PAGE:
Little Emperors

The new National Review includes this piece on the anti-democratic nature of the Eurocracy:
Being a member of the European political class means never having to say you are wrong — much less, of course, having to say you are sorry. As a member of this self-perpetuating magic circle, you don’t have to learn from experience, consider the evidence, apply logic, or worry about the consequences. There are always expenses at the end of the tunnel. 
Like the white man who speaks with forked tongue, or the Muslim permitted to use taqqiya to mislead the infidel, the Eurocrat never quite means what he says or says what he means. Indeed, what he says is compatible with almost anything, and this quality of emptying definite meaning from grammatically formed sentences full of polysyllables has been a characteristic from the very inception of what is now the European Union. 
This part is just plain fun:

Herman van Rompuy, the Belgian “president” of Europe whose electoral record makes Stalin’s positively shine (Stalin received too many votes, van Rompuy none at all), is Monnet’s spiritual heir, if one can apply such a term to such men. In a speech last November, van Rompuy — grey of face, grey of suit, grey of speech, and grey of thought — declared national sovereignty in Europe dead, not appearing to notice that his position was approximately that of a murderer who stands over his victim’s corpse muttering, “He’s gone, he’s gone!”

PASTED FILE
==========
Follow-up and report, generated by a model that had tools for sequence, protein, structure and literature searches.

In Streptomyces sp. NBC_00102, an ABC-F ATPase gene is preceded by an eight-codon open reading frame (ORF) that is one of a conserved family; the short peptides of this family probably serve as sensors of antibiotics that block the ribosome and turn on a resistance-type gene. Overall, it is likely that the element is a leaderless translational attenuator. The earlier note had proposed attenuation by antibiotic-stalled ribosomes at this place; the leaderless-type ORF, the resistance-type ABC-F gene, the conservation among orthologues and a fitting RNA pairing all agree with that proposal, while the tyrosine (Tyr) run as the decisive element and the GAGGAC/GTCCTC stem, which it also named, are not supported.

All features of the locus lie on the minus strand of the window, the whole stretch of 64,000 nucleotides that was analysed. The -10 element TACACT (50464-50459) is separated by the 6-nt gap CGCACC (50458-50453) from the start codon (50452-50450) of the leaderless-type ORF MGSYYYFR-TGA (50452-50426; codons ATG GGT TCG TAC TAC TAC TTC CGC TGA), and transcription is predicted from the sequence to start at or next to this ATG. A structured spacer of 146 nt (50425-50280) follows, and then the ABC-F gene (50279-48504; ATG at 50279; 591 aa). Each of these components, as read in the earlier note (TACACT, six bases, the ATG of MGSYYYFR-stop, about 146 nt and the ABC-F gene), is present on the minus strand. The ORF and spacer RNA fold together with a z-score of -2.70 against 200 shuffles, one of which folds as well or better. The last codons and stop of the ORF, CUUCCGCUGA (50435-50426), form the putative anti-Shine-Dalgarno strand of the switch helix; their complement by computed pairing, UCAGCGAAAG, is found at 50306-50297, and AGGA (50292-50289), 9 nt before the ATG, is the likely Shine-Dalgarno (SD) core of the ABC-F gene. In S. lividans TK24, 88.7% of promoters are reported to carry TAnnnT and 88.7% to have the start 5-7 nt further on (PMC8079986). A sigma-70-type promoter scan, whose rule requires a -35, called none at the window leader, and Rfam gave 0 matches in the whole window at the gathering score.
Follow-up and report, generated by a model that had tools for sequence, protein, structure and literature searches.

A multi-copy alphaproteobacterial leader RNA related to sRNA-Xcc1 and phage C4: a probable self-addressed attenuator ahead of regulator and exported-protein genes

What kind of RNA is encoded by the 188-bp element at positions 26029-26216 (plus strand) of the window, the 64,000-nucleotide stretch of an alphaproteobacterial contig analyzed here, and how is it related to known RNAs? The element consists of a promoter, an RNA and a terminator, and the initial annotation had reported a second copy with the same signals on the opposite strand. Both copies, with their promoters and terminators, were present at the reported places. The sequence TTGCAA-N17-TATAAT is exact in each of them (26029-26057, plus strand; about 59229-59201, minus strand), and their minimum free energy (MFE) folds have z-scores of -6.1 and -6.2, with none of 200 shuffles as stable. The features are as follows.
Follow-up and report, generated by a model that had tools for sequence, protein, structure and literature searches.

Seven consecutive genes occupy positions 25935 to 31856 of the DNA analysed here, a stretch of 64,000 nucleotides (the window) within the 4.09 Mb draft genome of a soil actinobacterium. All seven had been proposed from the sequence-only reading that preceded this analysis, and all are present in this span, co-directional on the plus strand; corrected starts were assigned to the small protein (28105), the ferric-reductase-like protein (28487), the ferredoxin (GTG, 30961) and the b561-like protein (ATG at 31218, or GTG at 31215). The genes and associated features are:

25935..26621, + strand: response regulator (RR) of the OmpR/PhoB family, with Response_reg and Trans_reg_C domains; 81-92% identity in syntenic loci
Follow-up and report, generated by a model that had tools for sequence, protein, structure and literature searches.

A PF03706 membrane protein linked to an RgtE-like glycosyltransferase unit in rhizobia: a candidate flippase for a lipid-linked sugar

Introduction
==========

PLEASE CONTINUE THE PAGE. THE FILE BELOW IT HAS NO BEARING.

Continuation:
Besides being available to NR subscribers, you may also purchase the actual magazine at your local newsstand, of course.

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